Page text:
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Off-price retail strategies

Market Focus

Published by:

13 October 2020

Author: Rhiannon McGregor

Image: Microsoft rebranding by Microsoft and Tendril

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With surplus stock from Covid-19 closures and slower spending, brands are innovating with off-price retail strategies that add to the cachet of their brand

As a result of the pandemic, retailers globally remain laden with surplus stock from their recent collections, paving the way for major markdowns during autumn/winter 2020.

‘We have millions of dollars’ worth of merchandise and it’s just sitting here,’ explains Amy Smilovic, creative director of New York-based fashion label Tibi. It’s a sentiment echoed by Ganni founder Nicolaj Reffstrup, who explains that the label has ‘a massive inventory problem that we are trying to deal with’.

British retailers slashed prices in May this year – the most in a single month since 2006 according to industry figures – as a way to tackle the issue. There is concern, however, about the long-term effects of heavy discounting on brand image.

At the same time, consumers’ priorities are changing. With a looming global recession, people are more mindful about where they spend their money and lower prices are becoming more attractive. In response, retail brands are launching off-price strategies that demonstrate value without diminishing brand equity.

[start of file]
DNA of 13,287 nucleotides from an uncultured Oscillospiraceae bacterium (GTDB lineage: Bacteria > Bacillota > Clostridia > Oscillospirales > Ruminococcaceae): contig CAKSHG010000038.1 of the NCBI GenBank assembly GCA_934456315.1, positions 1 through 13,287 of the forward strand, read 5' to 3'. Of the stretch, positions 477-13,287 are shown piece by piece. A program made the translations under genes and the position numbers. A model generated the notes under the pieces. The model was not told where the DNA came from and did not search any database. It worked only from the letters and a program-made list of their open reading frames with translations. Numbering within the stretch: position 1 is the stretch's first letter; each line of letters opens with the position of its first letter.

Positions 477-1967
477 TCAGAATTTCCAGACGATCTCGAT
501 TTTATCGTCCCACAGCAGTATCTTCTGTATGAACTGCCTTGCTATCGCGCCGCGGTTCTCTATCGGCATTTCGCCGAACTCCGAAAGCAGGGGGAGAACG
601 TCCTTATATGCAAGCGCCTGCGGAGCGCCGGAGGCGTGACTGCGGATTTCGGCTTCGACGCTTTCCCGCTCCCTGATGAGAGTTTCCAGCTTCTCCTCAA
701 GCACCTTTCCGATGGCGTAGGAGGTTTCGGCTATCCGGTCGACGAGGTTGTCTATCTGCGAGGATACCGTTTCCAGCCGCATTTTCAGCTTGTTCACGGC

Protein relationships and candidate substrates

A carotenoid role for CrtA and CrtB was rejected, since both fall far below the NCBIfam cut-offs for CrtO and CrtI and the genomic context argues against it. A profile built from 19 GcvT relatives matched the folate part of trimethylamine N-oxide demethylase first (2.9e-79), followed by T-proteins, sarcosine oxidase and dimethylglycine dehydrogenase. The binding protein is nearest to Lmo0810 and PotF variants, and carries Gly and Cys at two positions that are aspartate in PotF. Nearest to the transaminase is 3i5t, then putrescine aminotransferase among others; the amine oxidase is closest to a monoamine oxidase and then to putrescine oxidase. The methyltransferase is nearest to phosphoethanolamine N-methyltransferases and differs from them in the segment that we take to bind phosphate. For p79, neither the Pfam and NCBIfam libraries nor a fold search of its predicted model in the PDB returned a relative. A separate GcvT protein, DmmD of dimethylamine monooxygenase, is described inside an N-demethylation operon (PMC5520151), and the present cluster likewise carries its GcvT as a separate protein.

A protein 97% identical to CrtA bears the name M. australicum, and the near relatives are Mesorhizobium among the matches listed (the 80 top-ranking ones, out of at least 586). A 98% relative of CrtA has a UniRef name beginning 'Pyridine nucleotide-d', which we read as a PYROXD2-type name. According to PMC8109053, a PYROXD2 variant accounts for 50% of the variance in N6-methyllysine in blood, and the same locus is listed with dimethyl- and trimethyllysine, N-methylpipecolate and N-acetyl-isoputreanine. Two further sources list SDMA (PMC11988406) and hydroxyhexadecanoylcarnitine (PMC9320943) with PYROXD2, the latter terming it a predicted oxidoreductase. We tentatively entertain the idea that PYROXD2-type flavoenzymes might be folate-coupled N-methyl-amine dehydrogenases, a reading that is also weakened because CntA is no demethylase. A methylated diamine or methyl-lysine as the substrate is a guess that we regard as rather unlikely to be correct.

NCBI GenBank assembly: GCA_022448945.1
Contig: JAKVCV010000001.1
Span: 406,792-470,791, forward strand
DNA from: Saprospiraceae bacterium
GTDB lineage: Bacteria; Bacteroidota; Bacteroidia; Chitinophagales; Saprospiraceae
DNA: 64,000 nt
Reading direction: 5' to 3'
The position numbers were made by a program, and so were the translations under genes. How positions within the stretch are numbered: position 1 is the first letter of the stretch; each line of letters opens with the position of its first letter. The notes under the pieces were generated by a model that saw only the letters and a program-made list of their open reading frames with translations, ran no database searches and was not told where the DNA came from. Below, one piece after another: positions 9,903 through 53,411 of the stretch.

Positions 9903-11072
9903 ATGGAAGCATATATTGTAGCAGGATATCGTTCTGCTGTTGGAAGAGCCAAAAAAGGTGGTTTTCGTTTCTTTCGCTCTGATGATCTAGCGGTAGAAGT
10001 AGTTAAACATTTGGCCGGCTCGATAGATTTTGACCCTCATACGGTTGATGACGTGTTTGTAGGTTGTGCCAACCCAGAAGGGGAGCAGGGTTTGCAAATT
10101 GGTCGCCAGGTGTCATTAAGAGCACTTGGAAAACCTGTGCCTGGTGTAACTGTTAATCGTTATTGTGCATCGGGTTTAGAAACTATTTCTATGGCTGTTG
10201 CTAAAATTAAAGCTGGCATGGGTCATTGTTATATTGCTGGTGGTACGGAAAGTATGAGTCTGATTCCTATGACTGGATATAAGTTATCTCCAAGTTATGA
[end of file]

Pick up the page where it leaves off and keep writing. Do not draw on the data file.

Rethinking retail

Mid-market brands and retailers have been hit hard by Covid-19, as people choose either to spend more on heavily discounted luxury goods or trade down for essentials. ‘The middle market fashion players are all but extinct, with the pandemic lockdown accelerating [their] demise,’ says retail analyst Nick Bubb.

To keep the mid-market alive and thriving, third-party consultancies are reframing discounts as positive for brands. The UK-based Parker Lane Group (PLG) does this by providing brands with the infrastructure to sell old inventory in secondary markets that have been less affected by Covid-19. According to Julie Hutchinson, business development executive at PLG, the benefits are threefold. ‘First, brands make a financial return on stock deemed worthless in primary markets. Second, they protect the brand image in core markets. Third, they promote a genuinely circular economy as a product’s lifecycle is extended to its maximum potential.’

Dutch e-commerce platform Otrium offers technology and software, as well as logistics handling, to fast fashion and streetwear brands, allowing them to create their own end-of-season clearance stores. Brands have total control over how they curate their outlet, the discounts they want to offer, the number of items they sell and for how long. As a testament to its potential, Otrium recently secured £21.3m ($27.9m, €24m) in funding and now boasts more than 200 brand partners.

In a similar vein, New York's 260 Sample Sale offers brands the means to launch online sample sales in a matter of days. Such off-price events have been running throughout the pandemic, with each limited to a short time – usually between four and seven days – in order to drive hype around the event.